Ant Group delay by Chinese gov’t is over financial details and debt concerns

Ant Group

China’s delay of the Ant Group’s projected $37 billion IPO is an interesting study in internal domestic regulation, within a financial environment where international players are trying to one-up each other.

Yahoo Finance reports the Chinese government has delayed the Ant Group listing, citing concerns around debt and risk mitigation, in actions that Alibaba leader Jack Ma called “outdated regulation.”

“The decision was made in accordance with laws and regulations… and about maintaining stable, healthy market development in the long term,” said Liu Guoqiang, deputy governor of the People’s Bank of China (PBOC), according to Reuters news.

As for U.S. efforts to blacklist the Ant Group, which we reported in mid-October, those appear to have vanished.

Reuters reports Nov. 3 show the U.S. Commerce Department, which initiated the proposed ban, backed off after a phone call from Ant Group top brass.

“The Commerce Department, which oversees the blacklist, shelved the proposal after Alibaba Group … President Michael Evans urged Commerce Secretary Wilbur Ross to reject the bid in a phone call, (sources) said, declining to be named because they were not authorized to speak on the matter,” wrote Humeyra Pamuk, Alexandra Alper and Karen Freifeld. Three of (the sources) said fears of antagonizing Wall Street ahead of Tuesday’s presidential elections and the possibility of a lawsuit helped convince Ross to set the plan aside.”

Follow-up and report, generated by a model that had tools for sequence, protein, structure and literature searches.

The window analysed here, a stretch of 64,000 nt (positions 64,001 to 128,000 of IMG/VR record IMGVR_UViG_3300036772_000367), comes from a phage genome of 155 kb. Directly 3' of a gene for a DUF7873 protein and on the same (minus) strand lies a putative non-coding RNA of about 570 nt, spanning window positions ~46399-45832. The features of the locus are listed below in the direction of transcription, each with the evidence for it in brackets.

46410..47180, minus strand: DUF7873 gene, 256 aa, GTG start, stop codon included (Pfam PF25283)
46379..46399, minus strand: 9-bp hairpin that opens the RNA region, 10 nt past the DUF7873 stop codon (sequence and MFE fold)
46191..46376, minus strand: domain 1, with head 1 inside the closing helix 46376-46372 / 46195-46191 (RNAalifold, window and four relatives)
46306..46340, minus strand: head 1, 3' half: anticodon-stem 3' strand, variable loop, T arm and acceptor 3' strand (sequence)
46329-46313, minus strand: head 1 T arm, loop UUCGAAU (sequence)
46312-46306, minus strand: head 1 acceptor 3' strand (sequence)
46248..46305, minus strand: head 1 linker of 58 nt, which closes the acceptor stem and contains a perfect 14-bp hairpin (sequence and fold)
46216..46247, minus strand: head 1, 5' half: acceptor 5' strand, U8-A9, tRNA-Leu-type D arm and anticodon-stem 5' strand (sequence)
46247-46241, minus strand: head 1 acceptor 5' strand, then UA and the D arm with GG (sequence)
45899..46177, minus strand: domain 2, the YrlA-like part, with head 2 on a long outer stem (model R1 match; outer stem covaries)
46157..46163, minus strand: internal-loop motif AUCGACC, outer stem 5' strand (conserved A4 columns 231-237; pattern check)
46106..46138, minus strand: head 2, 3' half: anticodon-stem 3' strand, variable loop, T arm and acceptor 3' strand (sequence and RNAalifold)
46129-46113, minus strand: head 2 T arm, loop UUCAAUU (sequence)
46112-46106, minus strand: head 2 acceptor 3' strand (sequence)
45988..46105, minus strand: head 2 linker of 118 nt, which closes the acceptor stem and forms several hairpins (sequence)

As Ant Group’s people prepare to reshuffle the cards to get regulatory approval, it’s important to remember that the bigger Sino-U.S. picture is still fraught with enterprise roadblocks such as the U.S. administration’s imminent urge to blacklist TikTok, owned by Chinese company ByteDance, unless it gets bought out by Walmart and Oracle.

Much of the U.S. protectionism is ostensibly about national security, as U.S. legislators and others pose the suggestion that the Chinese could spy on U.S. citizens through the platforms. However, the routine request by the NSA to install backdoors in American tech undercuts the regulatory appeal of this angle.

There’s going to be a lot more to come, so stay tuned.